Monday, June 1, 2009

Video: Rep. Rush on Protecting Children

Ok, let's see what fun tonight's CPSIA videos bring us!

This video could actually serve as an introduction to someone who had missed much of what got us to this point with Congress.

Representative Rush applauds the 4 members of Congress that brought us H.R.4040: Dingell, Barton, Stearns, and Rush. He proudly points out that this bill dramatically rewrites the Consumer Product Safety Act (a gross understatement to say the least) and the Hazardous Substance Act (considering what has suddenly become declared as hazardous substances, I would say so.)

He mentions that the bill "finally restores the CPSC to its rightful place of prominence and gives it the necessary tools to grapple with the global marketplace and to protect American consumers, particularly our children." But everything we've seen and heard from the CPSC since at least January of 2009 seems to say otherwise. The CPSIA has not restored CPSC to that place, and given it the necessary tools. CPSIA has put Congress in the place of the CPSC, and taken away tools from it.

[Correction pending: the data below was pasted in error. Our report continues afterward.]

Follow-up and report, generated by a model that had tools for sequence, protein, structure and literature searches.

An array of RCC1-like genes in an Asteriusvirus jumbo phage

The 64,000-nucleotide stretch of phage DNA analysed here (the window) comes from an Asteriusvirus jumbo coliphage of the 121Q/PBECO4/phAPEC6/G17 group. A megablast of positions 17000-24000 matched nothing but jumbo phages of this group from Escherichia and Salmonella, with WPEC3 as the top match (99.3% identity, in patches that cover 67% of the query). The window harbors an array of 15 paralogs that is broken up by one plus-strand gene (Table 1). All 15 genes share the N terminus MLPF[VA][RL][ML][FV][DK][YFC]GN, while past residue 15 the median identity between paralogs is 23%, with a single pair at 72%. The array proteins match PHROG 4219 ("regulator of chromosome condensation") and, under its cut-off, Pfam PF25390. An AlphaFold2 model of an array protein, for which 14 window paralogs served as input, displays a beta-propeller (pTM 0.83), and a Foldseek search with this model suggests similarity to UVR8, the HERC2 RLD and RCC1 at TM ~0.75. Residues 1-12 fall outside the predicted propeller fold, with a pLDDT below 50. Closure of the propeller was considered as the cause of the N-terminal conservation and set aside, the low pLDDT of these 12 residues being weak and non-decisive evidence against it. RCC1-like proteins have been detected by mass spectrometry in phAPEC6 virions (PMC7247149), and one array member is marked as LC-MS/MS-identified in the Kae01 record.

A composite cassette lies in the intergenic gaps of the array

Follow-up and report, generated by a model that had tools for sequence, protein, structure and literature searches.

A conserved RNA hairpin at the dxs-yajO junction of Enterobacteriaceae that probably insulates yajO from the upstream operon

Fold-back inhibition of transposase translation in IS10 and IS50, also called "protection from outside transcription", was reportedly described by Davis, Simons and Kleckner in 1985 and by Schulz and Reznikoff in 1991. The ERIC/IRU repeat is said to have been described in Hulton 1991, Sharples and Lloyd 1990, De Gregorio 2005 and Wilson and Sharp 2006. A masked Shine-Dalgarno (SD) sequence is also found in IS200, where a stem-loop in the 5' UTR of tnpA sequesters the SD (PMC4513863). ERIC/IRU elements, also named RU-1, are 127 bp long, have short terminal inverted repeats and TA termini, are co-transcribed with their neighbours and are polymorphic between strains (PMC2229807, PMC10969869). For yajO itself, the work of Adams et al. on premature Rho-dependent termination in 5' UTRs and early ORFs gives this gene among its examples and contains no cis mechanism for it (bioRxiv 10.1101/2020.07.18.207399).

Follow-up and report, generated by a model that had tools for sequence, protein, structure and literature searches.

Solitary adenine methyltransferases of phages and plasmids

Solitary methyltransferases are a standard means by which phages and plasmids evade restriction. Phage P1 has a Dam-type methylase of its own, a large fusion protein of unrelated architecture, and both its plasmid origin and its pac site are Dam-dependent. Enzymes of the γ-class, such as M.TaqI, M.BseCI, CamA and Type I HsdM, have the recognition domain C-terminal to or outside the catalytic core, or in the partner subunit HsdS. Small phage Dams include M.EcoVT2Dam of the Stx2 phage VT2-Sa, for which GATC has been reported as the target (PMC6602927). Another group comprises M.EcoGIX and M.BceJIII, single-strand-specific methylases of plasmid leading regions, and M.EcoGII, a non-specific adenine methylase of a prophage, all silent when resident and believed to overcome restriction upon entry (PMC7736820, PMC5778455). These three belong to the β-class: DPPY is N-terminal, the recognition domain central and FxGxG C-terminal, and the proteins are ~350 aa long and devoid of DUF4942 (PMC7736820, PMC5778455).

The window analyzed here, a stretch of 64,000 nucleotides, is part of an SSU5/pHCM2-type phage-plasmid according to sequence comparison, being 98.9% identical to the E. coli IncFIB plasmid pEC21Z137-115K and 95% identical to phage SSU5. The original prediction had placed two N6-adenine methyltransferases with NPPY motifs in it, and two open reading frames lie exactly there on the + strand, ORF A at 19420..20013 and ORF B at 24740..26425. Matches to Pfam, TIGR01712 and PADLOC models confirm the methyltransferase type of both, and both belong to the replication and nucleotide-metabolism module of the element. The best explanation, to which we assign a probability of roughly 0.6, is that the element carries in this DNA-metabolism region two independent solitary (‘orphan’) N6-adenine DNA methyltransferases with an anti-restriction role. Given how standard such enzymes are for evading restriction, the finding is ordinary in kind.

Mr. Rush then goes on to mention the 8 months of work that had gotten them to this point (I think the House as a whole was about to vote on it for the 1st time). We might all wish that they would put as much energy into fixing the mess they've made as they did into making the mess in the first place!

He then brags that the CPSIA gives us the "strictest lead standards in the world...requiring certification and testing". If the lack of those standards, and those certification and testing requirements had made our children unsafe, that would be something to brag about indeed. But almost 4 months into a major portion of this law's requirements, and it safe to say that children are less safe as a result of it, not more safe. And Congress' rhetoric aside, children were not getting killed or seriously injured because of all the toxic toys that it would take Congress to protect them from!

Mr. Rush ends by saying he "cannot emphasize enough the bipartisan nature of this bill". There we would have to agree with him, to a point. Getting the bill passed was indeed bi-partisan, since almost no one from either party understood the problems this bill would cause when they voted on it last year. But now, almost a year later, the problems have surfaced, Congress has been notified (100s of 1000s of times in fact), and the problem is no longer truly bi-partisan. Almost without exception, the only Congressmen and Senators writing and supporting amendments to this law are Republican. The Democrats, almost without fail, are refusing to fix this toxic law!

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